As a Specialist Leader of Education (SLE) I am allied to the Fylde Coast Teaching School Alliance. Being an SLE is a status I thoroughly enjoy as it gives me an opportunity to help train other teachers and senior leaders and sometimes TAs. It also means I have to do my utmost to keep myself up to date with new developments in education in order to be able to share the latest ideas. This week I have been fortunate enough to be working with a group of very knowledgable Teaching Assistants. My remit is to update their skills to Level 3 standard and to ensure that they are the best TA that they can be.
The group visited our school yesterday to begin the first of 3 sessions. We began, as you might expect with introductions and one simple rule. Anything that is said inside that room stays inside that room. It is very difficult to train teaching assistants if they feel they are being watched or spied upon. I wanted them to be confident that everything they said would remain condfidential and not be reported back to their respective schools. Working alongside me and presenting the course with me was one of our own Level 4 TAs. An exceptionally talented teaching assistant who can turn her hand to most school based duties whether it be for a teacher or a TA.
The course was progressing well and the delegates had discussed many aspects of their role. we had compiled a huge list of duties that they carry out for the pupils, the teacher and for the school as a whole. We had a flip chart that was completely covered with aspects of the job that they fulfil. The point of this exercise was to remind them just how valuable they are to their class teacher and to the wider school. I must admit I was surprised by the enormous variation in their jobs considering they were all level 2 TAs.
Towards the end of this first session of the three part course we began to look at lesson planning. I have delivered this course several times before and yet I am never prepared for the fact that many TAs are not asked to contribute to lesson plans. I am not referring to written plans using the school’s set proforma and linking to objectives from the National Curriculum, I simply mean contributing their ideas to termly topic plans. Considering that some TAs are covering lessons in the absence of the teacher, and others are attending Annual Reviews to talk about a child with SEND I am amazed that they are not asked for contributions to planning. I can’t understand this. From previous discussions I have had with TAs I have discovered that they are completing very important tasks some of the time including meeting with parents to discuss progress, meeting social workers to discuss children who may be at risk and similar high status tasks. Yet contributing to planning is not on the list.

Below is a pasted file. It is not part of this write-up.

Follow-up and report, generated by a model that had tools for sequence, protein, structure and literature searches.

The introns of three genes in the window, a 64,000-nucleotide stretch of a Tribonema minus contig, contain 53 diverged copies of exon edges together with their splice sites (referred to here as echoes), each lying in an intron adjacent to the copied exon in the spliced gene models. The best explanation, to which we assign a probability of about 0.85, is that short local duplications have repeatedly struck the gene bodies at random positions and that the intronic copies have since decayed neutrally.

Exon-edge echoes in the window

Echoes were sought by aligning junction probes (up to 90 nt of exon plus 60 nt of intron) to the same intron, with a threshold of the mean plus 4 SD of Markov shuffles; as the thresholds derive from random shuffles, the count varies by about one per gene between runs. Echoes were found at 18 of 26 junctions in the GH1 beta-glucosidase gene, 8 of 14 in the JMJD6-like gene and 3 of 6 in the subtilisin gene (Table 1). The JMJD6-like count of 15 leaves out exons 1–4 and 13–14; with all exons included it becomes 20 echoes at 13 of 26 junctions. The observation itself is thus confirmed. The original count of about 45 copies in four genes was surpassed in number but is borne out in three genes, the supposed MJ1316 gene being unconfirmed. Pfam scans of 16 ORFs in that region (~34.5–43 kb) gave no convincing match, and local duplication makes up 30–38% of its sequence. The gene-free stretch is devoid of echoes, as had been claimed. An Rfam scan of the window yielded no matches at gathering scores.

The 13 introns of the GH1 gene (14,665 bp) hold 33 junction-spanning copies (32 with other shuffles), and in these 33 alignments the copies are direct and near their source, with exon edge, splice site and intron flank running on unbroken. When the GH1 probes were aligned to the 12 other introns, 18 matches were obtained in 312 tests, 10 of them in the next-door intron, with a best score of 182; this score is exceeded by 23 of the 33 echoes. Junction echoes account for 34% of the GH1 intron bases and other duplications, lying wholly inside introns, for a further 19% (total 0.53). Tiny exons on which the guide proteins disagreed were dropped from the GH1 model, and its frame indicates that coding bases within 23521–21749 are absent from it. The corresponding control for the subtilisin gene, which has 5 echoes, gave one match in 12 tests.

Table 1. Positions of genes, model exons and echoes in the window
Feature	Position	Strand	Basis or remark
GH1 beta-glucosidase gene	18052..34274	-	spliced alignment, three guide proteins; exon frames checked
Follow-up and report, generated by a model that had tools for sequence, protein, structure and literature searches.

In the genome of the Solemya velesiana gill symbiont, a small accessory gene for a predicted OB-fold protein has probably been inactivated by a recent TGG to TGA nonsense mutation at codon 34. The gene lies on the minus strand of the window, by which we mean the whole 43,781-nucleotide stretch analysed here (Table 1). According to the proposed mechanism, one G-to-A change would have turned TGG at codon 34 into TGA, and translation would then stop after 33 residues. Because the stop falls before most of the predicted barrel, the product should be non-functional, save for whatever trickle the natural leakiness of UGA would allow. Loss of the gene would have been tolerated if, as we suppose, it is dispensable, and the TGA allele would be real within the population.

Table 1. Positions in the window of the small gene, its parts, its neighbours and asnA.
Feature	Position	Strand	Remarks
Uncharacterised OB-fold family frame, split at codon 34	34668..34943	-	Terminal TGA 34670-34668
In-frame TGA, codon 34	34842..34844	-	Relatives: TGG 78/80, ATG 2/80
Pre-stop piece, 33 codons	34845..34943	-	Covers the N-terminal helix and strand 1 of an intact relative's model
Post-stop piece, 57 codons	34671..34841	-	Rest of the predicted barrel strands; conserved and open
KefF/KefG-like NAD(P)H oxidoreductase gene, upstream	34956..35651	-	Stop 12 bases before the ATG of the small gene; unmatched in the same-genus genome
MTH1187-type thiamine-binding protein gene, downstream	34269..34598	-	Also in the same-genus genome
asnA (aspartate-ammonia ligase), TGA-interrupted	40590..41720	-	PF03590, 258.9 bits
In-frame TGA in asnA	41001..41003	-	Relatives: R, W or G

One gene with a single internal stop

In the past when I was a full time class teacher I made it a priority at the start of the term to sit down with my TAs and discuss the topic plan for the term. I very quickly discovered that TAs are generally very creative and can fly through this task. They think of things that I couldn’t come up with. My mind was always focussed on delivering the NC, TAs are not so driven by the NC and they have ideas that make the whole topic hang together. Yesterday’s cohort of delegates were no different. They had also not been asked to contribute to plans and were sceptical about their ability to do so. I assured them that they could. To test my theory I produced a large piece of paper and gave them the topic ‘Harry Potter’ to cover. We gave ourselves 5 minutes to come up with ideas for this topic. After the 5 minutes were up we had lesson ideas for every single one of the primary curriculum subjects. The TAs, without any help from me had quickly produced the basics of a fantastic Key Stage 2 topic on Harry Potter. All I had to do was link it to the NC and expand upon their ideas. If only I was teaching in KS2 any time soon!
I spend a great deal of my time championing the ability of TAs. In our school they are supremely talented people and as I have said many times previously we cannot open the doors to our children if our TAs are not there for any reason. TAs are our most valuable resource and are sometimes a source of untapped knowledge.
If you are a teacher and you don’t currently plan with your TA, give it a try. You will be very pleased with the results I’m sure.
Thank you for reading.